LOG IN창 닫기

  • 회원님의 아이디와 패스워드를 입력해 주세요.
  • 회원이 아니시면 아래 [회원가입]을 눌러 회원가입을 해주시기 바랍니다.

아이디 저장


아이디 중복검사창 닫기

사용 가능한 회원 아이디 입니다.

E-mail 중복확인창 닫기

사용 가능한 E-mail 주소 입니다.

우편번호 검색창 닫기



비밀번호 찾기





축약형 모형을 이용한 CDS 기간 구조의 추정

  • 김정무 KAIST 경영대학 연구교수
  • 박윤정 한림대학교 경영대학 교수
  • 이창준 한국외국어대학교 글로벌경영대학 교수
본 연구에서는 국내 기업의 CDS(Credit Default Swap) 스프레드 자료를 이용하여 Pan and Singleton(2008)의 모형을 실증분석 하였다. 실증분석에 앞서, 모형가격 계산 방법론으로써 유한차분법의 적용법을 탐색하였다. 유한차분법 적용을 위한 몇 가지 가정에도 불구하고, CDS 거래의 실제를 잘 반영한 몬테칼로 시뮬레이션의 결과와 크게 다르지 않았다. 또한, 120×120 격자를 이용한 유한차분법은 실증분석을 하기에 적절한 오차와 속도로 이론가격을 계산할 수 있었다. 이러한 유한차분법을 이용하여 2006년 1월부터 2012년 11월까지의 기간 동안 국내 19개 기업의 CDS 기간구조를 최우추정 하였다. 추정된 모수는 Q-측도와 P-측도 하에서 상당히 다른 양상을 나타내었다. 두 측도 하에서의 부도확률을 계산한 결과, 투자자들은 Q-측도 하에서 더 높은 부도확률을 평가하고 있음을 확인하였으며, 이는 미래부도확률의 불확실한 변화에 대한 보상인 곤경 위험 프리미엄을 요구하는 것으로 해석된다. 또한, CDS 스프레드를 분해하여 곤경 위험 프리미엄을 계산한 결과, 평균적으로 42%의 스프레드가 곤경 위험에 대한 보상임을 확인하였다. 마지막으로, 곤경 위험 프리미엄의 결정요인을 분석한 결과 국내 변수로는 한국 외평채 CDS의 곤경프리미엄, 글로벌 변수로는 VIX(Volatility Index)가 각각 곤경 위험 프리미엄의 상당부분을 설명하는 것으로 드러났다. 이러한 결과들은 국내 기업의 곤경 위험 프리미엄은 국내 및 국외의 위험회피성향에 크게 영향을 받고 있음을 시사한다.
Crank-Nicholson 유한차분법; 몬테칼로 시뮬레이션; 신용부도스왑; 축약형 모형; 곤경위험 프리미엄; Crank-Nicholson Finite Difference Method; Monte Carlo Simulation; Credit Default Swap; Reduced-form Model; Distress Risk Premium

An Empirical Study on Distress Risk Premiums Implicit in the Term Structure of Korean Corporate CDS Spreads

  • Jungmu Kim
  • Yuen Jung Park
  • Changjun Lee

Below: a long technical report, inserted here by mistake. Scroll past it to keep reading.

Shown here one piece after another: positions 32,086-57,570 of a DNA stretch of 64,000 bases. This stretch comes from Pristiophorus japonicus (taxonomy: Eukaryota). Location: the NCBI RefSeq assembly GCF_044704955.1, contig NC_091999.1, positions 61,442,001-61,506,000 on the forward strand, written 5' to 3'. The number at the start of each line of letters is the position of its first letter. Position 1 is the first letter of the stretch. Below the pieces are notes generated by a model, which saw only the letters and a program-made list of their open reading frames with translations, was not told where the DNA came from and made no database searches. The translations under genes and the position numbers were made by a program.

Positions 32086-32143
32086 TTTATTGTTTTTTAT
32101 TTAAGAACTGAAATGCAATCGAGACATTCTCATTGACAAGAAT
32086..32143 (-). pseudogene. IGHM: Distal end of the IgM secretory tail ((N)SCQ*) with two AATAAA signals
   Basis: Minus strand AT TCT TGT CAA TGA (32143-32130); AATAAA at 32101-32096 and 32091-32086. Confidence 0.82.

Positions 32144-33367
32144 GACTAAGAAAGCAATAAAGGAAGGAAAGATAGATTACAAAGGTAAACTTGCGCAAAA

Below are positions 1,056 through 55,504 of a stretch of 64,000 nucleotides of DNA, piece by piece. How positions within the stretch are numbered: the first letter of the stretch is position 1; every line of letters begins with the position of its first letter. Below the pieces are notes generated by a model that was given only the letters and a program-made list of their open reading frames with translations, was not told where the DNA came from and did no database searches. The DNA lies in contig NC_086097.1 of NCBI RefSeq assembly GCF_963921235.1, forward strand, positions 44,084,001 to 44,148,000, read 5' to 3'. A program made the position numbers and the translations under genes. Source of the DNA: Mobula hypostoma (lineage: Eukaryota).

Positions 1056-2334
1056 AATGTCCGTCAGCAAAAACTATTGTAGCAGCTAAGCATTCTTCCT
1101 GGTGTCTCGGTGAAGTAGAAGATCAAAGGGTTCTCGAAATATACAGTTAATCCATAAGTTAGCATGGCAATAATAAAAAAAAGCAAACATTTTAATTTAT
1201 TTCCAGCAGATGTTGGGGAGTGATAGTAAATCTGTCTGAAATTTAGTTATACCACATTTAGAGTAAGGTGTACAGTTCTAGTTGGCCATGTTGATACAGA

We investigate the term structures of corporate credit default swap (CDS) spreads in the Korean market based on Pan and Singleton’s (2008) model. To this end, we first consider an algorithm of numerical methods to calculate the theoretical price of CDSs. Specifically, we consider the finite difference method (FDM) and Monte Carlo simulation, and then, we examine the time efficiency and accuracy of the FDM. Monte Carlo simulation might be an accurate way to calculate the model price but it is time-consuming and not appropriate for estimating the term structure in our empirical study. In contrast, our analysis shows that the FDM meets our empirical goal in terms of error and speed. In particular, we use the Crank-Nicholson FDM with a 120×120 grid in our empirical analysis, as it performs relatively well in terms of speed and accuracy. Next, by employing the suggested FDM, we estimate the default probability implicit in the term structure of the CDS spreads for 19 domestic firms over the sample period from 2006 to 2012. We use the ML estimation for our econometric framework, and we estimate the 1-year, 3-year, and 5-year CDS spreads by assuming that the spread of CDSs maturing in three years is observed without error. Our estimation reveals that investors require a significant amount of premiums for bearing the risk of future variation in intensity, defined as the distress risk premium (DRP), when they invest in CDSs. We verify the argument in several ways. First, the ML estimates based on the Q-measure are very different from those based on the P-measure. The ML estimates imply that investors view the intensity dynamics more negatively under the Q-measure than under the P-measure. This result in the Korean corporate CDS market supports the finding of Pan and Singleton (2008) in two emerging sovereign markets. To take a deeper look at the significant difference between the Q- and P-dynamics of intensity, we next compute and examine the default probabilities within five years with the estimated parameters and implied intensity under both the Q- and P-measures. The results show that the Q-probability of default is much higher than its P-counterpart, implying that investors require premiums by adding more probability on real default probability. Finally, we directly calculate the amount of DRP to see how much it accounts for CDS spreads. In doing so, we follow the methodology first suggested by Pan and Singleton (2008) and then employed by Longstaff, Pan, Pedersen, and Singleton (2011) and Diaz, Groba, Lafuente, and Serrano (2013). There are two steps involved in obtaining the DRP. We first calculate the “pseudo- CDS” spread, denoted CDSP using expectations under the P-measure instead of the Q-measure to evaluate the model’s spread. Then, the DRP is obtained from the difference between the market CDS spread and pseudo-CDS spread. The results show that, on the average, the DRP accounts for 42% of the CDS spreads observed in the market. We also find that the DRP varies over time as the economy state changes, and particularly, it soars during the recent financial crisis. To explain our empirical finding that the DRP accounts for a substantial portion of the CDS spread and varies over time, we further investigate what determines the DRP and what drives it to change. To this end, we analyze the principal components of the cross-section of the DRPs. Our investigation shows that the first principal component explains about 97% or more of DRP variation, which implies that Korean companies’ DRPs are associated with investors’ appetites for the market-wide risk. To find what drives the first principal component, we regress the first principal component on a couple of domestic and global financial variables, which serve as proxies for the market risk premium. Specifically, the Volatility Index (VIX) is used as a proxy for a global variable of risk premium, and equity market risk premium, term premium, credit premium, and sovereign distress risk premium are examined as proxies for domestic risk premiums. The result shows that the VIX is statistically significant and has a striking power to explain the time-variation of the first principal component of corporate DRP. Among the domestic variables, equity market risk premium, term premium, and credit premium are statistically significant. However, sovereign distress risk premium (DRP implied in the Korean sovereign CDS spread) subsumes the explanatory power of the other domestic variables when added to the multiple regression. This finding indicates that sovereign DRP is the most important determinant of the co-movement of corporate distress risk premiums among the domestic variables. To control the endogeneity problem, the sovereign distress risk premium is orthogonalized to all other premiums, including VIX, the equity market risk premium, the term premium, and the credit premium. We then regress the first principal component of corporate DRPs on the orthogonalized sovereign DRP. This experiment shows that the orthogonalized sovereign DRP is statistically significant and explains the first principal component of corporate DRPs. This finding implies that sovereign DRP has additional information that is not contained in other risk premium proxies.